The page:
12 Mar 2014

Using Moss

Using moss to create a dramatic garden…
Perhaps you think moss grows like a weed because you see it everywhere — on patios, garden furniture, lawns, the side of your house, on trees and in poor soil. It does, but only when it’s happy.

When you do have ideal conditions, though, you can encourage it and create a moss garden to dramatic design effect.

These minute plants, which have a velvety look and feel, grow into thick coverings by catching dust and using their own decaying debris for a growth medium. During the prehistoric age, these carpets were the basis for all topsoil. As moss grew thicker, the bottoms of these thick masses formed rich compost, and in this soft, moist, rich environment ferns had their beginnings.

If moss is already doing well on your property, you will have to do little to make it the dominant ground cover. If you are going to experiment with mosses, it’s best to stick with those that are in your back yard or from your part of the country.

One of the best authoritative texts on moss culture, history and identification is “Moss Gardening,” by George Schenk. He says there are 1,200 species of moss native to North America and about 15,000 varieties worldwide.

“Gathering Moss: A Natural and Cultural History of Mosses,” by Robin Wall Kimmerer, is a book that offers a mix of scientific information and personal essays.

The perfect environment for moss can run the gamut from sun to shade and acidic to alkaline, depending on the species. For many mosses in this region, shade and acidic conditions are helpful, and moisture is key to success.

A moss plant doesn’t have a root system; it has a rhizoid that anchors the plant. It has no hollow tube or stalk; moisture climbs the stem through osmosis from one cell to another. It spreads through spores and by growing new stems and colonizing a patch of land, rock, brick or other material where it can thrive. A single colony that is centuries old can cover an entire property.

If the moss is doing better than your lawn, acidify with aluminum sulfate to rid the area of grass and weeds. Be very cautious when using aluminum sulfate, as it is a very acidic material that can burn moss if too much is used. Follow directions exactly.

Other methods of acidifying the soil to make it more hospitable for moss are wettable sulphur and iron sulfate. Wettable sulphur has a negative side. It kills good and bad funguses in the soil. So iron sulfate may be the safest method, used according to labeled instructions. It might take a little longer, and it will stain concrete or flagstone.

Instead of raking moss up and discarding it, try cutting pieces and planting them in other areas where they might look good. Sprinkle with water to help the plant establish. As with any ground cover, one of the greatest challenges to establishing moss is weeds. In the case of moss, getting rid of them is a painstaking process. Count on plucking seedlings from the moss on a regular basis to maintain a rich carpet-like appearance.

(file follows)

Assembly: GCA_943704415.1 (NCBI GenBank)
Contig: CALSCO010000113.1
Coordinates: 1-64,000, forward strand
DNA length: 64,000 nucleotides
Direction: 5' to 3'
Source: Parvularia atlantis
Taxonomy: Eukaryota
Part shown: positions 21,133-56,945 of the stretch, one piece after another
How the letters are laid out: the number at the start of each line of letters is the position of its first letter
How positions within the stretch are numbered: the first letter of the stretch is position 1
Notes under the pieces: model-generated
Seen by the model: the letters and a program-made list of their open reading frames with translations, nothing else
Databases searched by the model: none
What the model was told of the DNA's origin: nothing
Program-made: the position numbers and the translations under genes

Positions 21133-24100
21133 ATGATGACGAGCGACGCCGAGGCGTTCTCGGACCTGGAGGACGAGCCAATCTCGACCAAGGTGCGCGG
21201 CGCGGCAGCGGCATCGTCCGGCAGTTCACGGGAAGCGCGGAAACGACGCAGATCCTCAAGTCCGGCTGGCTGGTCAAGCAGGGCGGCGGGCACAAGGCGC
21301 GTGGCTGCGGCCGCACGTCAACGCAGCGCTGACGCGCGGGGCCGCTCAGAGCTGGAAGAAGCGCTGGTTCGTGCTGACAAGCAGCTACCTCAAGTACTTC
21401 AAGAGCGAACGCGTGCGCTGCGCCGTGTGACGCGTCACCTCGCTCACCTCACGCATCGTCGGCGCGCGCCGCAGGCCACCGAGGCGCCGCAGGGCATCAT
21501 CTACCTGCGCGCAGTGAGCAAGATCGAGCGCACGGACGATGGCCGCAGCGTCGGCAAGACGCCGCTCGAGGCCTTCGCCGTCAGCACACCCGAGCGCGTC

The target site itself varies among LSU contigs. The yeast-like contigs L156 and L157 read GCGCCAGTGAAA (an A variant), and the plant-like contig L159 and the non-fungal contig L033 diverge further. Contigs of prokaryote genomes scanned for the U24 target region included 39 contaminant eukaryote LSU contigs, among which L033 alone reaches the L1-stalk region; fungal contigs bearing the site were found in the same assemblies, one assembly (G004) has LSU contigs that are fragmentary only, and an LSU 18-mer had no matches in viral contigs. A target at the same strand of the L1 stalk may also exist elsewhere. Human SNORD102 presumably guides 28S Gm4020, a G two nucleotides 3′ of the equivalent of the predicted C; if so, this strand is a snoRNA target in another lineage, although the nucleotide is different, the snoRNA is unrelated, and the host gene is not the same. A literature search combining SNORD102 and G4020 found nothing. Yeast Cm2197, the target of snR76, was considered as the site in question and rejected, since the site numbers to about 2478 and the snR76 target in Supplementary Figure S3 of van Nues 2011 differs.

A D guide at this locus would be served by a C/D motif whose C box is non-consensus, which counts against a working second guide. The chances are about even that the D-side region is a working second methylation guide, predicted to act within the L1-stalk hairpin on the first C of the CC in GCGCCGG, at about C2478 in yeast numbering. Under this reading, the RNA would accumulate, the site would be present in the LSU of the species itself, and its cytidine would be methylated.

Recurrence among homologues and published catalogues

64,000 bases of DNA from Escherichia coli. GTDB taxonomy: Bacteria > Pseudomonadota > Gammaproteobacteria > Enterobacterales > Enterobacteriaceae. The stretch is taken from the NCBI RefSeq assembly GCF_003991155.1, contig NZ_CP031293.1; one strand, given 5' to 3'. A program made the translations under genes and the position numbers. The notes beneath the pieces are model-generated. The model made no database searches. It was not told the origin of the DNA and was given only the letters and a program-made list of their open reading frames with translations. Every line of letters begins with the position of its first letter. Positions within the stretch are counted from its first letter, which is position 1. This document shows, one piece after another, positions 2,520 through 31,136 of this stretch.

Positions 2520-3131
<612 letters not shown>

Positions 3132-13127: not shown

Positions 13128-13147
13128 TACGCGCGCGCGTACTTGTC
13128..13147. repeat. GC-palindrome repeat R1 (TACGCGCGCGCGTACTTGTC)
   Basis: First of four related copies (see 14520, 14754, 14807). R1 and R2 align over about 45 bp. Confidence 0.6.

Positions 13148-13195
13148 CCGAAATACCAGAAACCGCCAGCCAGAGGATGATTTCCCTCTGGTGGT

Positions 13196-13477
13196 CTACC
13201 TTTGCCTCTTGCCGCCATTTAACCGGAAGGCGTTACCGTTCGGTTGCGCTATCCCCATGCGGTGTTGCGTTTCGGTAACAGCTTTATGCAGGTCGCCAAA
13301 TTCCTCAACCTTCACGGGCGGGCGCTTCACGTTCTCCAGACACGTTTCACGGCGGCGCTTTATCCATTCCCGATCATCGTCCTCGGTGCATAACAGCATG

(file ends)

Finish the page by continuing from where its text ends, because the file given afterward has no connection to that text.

My experience at moss gardening began when I collected varieties growing in New Jersey in sandy soil and pastures fertilized with manure that supported mats of mosses that were two to three inches thick. There were red, yellow, tan and deep green. Some were shaggy looking, others were smooth with a sheared look. At the time, I didn’t know the varieties because I was 8 years old.

The moss was transplanted to a piedmont clay soil. Three or four of the six plants that I took from their native sandy soil managed to adapt and thrive. They were dynamic and ever-changing. Some grew stalks that looked like microscopic flowers in a variety of hues, from gold to forest green. With rain, dew and temperate climate, the moss displayed its vibrant colors. When dry or cold, it turned brown and it was difficult to determine whether we had lost it. After a rainfall, it was evident which ones survived and which ones didn’t.

A good time to plant moss in this region is early spring, with the onset of milder temperatures and rainfall. Schenk provides a recipe for a slurry method of moss propagation, where you prepare a moss mixture and apply it to the growing area: Place a pound of very finely particled, well-aged leaf mold or manure into a jar. Fill it two-thirds full with water. Shake well. Let it settle and pour off the water and floating debris, retaining the mud that remains in the bottom of the jar. In a blender, mix several pancake-size, moistened pieces of moss with a cup of mud from the jar. It should be about the same consistency as pancake batter. (Hint: Use screened soil to save the blades and motor of your blender.) Paint the material onto soil or unglazed bricks, and keep moist.

Oregon State University has extensive information regarding establishing moss on its Web site, http://bryophytes.science.oregonstate.edu/page30.htm. The site suggests variations on the two main methods: mixing a slurry, or transplanting moss fragments as you would a piece of sod, which is the process I used many years ago. You may want to use the methods together.

Here are some sources for cultivated mosses:

— Sticks and Stones Farm, Newtown, Conn., 203-270-8820, http://www.sticksandstonesfarm.com/mossshop.htm.

— Tripple Brook Farm, Southampton, Mass., 413-527-4626, http://www.tripplebrookfarm.com/tbf/man/prime/mosses.shtml.

— Moss Acres, Honesdale, Pa., 866-438-6677, http://www.mossacres.com.

My landscape design background compels me to suggest that you complement your lush moss carpets with plants that offer year-round appeal. Here are some suggestions: primroses, crocuses, hellebores, oakleaf hydrangeas, native azaleas, evergreen sedges or a Japanese maple.

Joel M. Lerner is president of Environmental Design in Capitol View Park, Md. E-mail or contact him through his Web site, http://www.gardenlerner.com.